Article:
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POTUS pool report #5
Ted Mann • Wall Street Journal
March 3, 2017: 02:56 PM


((with ample assistance from fellow pooler Michael Shear))

President Trump visited a fourth-grade class at St. Andrew Catholic School in Pine Hills around 1:45 pm, accompanied by Education Secretary DeVos, Gov. Rick Scott, Sen. Marco Rubio, his son-in-law an adviser Jared Kushner, and his daughter Ivanka.

As the pool was ushered into the chilly classroom, teacher Jane Jones instructed some in the class of roughly 25 students to remove their sweaters. The pupils waited patiently for the arrival of the president in identical red polo shirts. Ms. Jones kept their attention from diverting by discussing the presidency. "One day this could be for you," she said to the class, referring to the security and press awaiting the president.

"What are our goals? Where are we going?" Ms. Jones asked.

"College and heaven, the class replied in unison.

"We're on our way," she said.

On the whiteboard behind Ms. Jones was a list of Week 18 vocab. The list, which a staffer at the event said had been on the board before the dignitaries arrived to set up: government; U.S. Constitution; limit ("a point beyond which a person or a thing cannot go"); president; governor; naturalization ("process immigrants have to follow to become a U.S. citizen").

Some members of the class gasped audibly when they spotted POTUS, appearing in the hallway and stepping through the classroom door accompanied by the school's principal Latrina Peters-Gibson.

POTUS greeted the students with: "A beautiful class. Beautiful students, right?"

Two of the students, Janayah Chatelier and Landon Fritz, both 10 years old, welcomed him to the class. When POTUS asked what they were studying, Landon said: "Today we are learning about Florida." Each told Mr. POTUS where they wanted to go to college: for Landon, Boston University; for Janayah, Johns Hopkins University.

"Want to be a doctor, is that why Johns Hopkins?" POTUS asked. He spoke briefly to another student who said she hoped to open her own business.

"That's a good idea. Make a lot of money right? But don't run for politics after," POTUS said.

Gov. Scott told the students that POTUS came to the school because "he heard how smart each student was."

Ms. Peters-Gibson asked the students to say who they were:

"We are scholars," they said in unison

Landon and Janayah thanked POTUS for coming and gave him (and the other politicians) hand-drawn cards celebrating Florida's birthday.

"We went to thank you for serving America," Landon said.

Before leaving the classroom, the president beckoned the two students who had welcomed him to pose for a picture and said "We're going to make you famous, ok?"

On his way out, he also looked at one little girl, an African American with braided hair, and said: "Oh that hair is beautiful. I love that hair, right?" He walked past another African American girl, also with long braids, and said "I love her hair!"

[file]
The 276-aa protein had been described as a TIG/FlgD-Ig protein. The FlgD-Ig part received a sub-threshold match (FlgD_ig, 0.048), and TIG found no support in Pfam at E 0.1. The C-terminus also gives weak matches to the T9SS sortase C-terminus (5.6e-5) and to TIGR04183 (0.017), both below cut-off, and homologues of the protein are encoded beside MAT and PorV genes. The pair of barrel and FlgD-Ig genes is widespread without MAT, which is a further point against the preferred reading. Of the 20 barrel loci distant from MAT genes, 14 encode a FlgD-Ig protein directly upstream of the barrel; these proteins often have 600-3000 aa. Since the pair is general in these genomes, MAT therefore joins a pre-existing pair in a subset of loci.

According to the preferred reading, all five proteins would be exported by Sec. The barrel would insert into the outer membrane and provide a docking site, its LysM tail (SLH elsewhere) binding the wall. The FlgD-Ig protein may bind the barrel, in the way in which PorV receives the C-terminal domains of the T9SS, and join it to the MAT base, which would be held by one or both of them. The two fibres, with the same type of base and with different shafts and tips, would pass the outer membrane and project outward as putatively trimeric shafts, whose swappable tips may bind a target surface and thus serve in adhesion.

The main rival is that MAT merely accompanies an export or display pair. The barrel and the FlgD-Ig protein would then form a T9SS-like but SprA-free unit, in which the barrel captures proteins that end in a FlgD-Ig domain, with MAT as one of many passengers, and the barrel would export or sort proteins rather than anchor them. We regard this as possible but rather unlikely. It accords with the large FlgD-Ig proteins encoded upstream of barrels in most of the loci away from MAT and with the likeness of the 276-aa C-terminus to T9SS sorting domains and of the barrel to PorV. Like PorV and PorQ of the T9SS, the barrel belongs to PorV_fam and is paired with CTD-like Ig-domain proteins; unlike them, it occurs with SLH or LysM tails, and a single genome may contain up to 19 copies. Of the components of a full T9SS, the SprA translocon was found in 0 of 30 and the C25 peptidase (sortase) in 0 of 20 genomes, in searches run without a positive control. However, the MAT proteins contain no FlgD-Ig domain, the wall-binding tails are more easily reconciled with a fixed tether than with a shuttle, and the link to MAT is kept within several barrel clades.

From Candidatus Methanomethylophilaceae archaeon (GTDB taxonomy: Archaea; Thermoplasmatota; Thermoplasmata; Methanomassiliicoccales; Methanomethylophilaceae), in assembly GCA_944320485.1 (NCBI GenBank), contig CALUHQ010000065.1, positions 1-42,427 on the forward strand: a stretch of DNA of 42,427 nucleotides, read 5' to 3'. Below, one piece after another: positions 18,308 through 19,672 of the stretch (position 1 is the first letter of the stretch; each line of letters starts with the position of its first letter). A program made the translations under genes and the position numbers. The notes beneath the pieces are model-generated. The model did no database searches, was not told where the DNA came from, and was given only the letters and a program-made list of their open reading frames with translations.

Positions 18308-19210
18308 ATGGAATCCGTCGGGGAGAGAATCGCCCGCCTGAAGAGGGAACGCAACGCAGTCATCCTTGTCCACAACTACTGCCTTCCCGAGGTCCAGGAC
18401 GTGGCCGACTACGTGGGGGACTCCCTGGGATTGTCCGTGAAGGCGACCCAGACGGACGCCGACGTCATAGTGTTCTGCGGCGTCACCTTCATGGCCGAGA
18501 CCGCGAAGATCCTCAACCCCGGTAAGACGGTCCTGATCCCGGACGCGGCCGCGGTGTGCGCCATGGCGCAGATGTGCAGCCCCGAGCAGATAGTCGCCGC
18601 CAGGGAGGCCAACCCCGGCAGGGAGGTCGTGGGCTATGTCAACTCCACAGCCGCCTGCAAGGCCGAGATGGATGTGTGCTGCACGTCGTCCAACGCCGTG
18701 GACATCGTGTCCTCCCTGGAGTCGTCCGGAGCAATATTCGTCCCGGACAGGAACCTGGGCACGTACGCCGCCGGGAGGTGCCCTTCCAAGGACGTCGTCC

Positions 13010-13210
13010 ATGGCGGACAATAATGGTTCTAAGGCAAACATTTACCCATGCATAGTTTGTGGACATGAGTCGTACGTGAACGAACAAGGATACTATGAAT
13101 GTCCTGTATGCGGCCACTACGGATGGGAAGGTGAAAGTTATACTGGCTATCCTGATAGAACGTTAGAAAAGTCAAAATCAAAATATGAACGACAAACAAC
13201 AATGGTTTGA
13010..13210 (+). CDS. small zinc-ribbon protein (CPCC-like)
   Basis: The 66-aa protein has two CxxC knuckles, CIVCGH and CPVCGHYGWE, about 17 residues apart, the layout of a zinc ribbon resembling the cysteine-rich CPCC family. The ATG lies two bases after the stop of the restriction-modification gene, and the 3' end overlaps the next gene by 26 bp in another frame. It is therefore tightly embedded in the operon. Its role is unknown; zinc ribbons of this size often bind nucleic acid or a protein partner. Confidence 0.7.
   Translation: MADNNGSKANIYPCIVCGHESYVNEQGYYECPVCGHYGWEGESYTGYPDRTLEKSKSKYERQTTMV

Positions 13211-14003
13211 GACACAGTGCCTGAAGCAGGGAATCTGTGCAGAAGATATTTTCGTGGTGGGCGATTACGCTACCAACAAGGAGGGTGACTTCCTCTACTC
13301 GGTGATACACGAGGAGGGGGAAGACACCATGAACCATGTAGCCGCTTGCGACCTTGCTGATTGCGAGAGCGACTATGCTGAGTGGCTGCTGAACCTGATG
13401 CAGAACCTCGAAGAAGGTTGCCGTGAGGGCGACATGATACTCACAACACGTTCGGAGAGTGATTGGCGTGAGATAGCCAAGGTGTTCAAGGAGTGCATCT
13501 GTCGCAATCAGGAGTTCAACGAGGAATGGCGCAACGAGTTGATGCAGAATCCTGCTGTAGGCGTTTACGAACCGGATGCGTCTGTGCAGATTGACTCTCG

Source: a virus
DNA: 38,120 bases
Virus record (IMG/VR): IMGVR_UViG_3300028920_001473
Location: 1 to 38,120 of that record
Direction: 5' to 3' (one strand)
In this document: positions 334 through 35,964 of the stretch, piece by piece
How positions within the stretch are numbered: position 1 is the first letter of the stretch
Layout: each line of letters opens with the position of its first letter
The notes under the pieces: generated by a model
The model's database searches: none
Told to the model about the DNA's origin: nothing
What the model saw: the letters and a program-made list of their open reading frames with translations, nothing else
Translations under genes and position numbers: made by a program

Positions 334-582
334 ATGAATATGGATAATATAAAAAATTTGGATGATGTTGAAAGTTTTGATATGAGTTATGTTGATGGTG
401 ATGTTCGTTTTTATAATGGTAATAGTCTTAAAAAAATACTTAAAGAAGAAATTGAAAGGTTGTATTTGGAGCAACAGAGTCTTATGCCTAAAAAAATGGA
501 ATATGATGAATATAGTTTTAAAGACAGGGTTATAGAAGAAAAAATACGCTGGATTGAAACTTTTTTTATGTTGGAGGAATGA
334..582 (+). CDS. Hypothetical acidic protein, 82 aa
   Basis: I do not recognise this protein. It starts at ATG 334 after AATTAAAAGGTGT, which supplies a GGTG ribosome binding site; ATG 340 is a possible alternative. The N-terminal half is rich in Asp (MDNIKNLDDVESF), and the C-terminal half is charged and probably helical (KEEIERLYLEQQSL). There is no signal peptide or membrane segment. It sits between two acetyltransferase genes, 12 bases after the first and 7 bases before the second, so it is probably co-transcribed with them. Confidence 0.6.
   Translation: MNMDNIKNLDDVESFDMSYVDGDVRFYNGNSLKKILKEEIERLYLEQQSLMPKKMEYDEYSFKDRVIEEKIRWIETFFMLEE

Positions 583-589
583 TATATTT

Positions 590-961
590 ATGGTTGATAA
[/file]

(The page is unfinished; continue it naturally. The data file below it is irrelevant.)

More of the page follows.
The pool and the president were ushered out through separate doors. The poor was moved down an outside passageway along the school's courtyard, and into a library where a panel of local educational officials and beneficiaries of school choice policies waited to discuss the topic with the president.

POTUS entered at 1:57 pm, along with Ivanka Trump, Mr. Kushner, Secretary DeVos, Sen. Rubio and Gov. Scott.

The meeting started with a prayer from Bishop John Noonan, from the Orlando Catholic Diocese.

Henry Fortier, the superintendent of Catholic schools, spoke about the importance of school choice, acknowledging that "there's a lot of controversy" on the subject.

"I see it as a partnership. It's not a situation of us versus them," he said. Of private schools, he said, "It shouldn't be just for the wealthy who can afford it."

John Kirtley, founder of Step Up for Students, which administers school choice aid, said the program provides tuition assistance for 100,000 kids, and that the average household income is $24,000 per year

POTUS spoke, said that the school was doing a "fantastic job" and that its a school that "enriches both the mind and the soul. That's a good education."

POTUS quoted Martin Luther King as saying that he "hoped that inferior education would become a thing of the past."

POTUS noted that he had said during his speech to Congress that education in the "civil rights issue of our time."

"Betsy's going to lead the charge, right?" POTUS said.

"You bet," DeVos answered.

He also turned to Rubio and said "We're ahead of schedule in so many ways when it comes to education." Rubio didn't noticeably respond.

As he closed his remarks and they shuffled the press out, POTUS talked about how much he likes Florida.

"Florida to me is a very very special place," POTUS said. Gesturing to the press in the back of the room, he said: "Those people back there know why I love it," what may have been a reference to his election victory in the state.

Pool was ushered out shortly after 2 pm. At 2:36 pm the motorcade was rolling back toward the Orlando airport.



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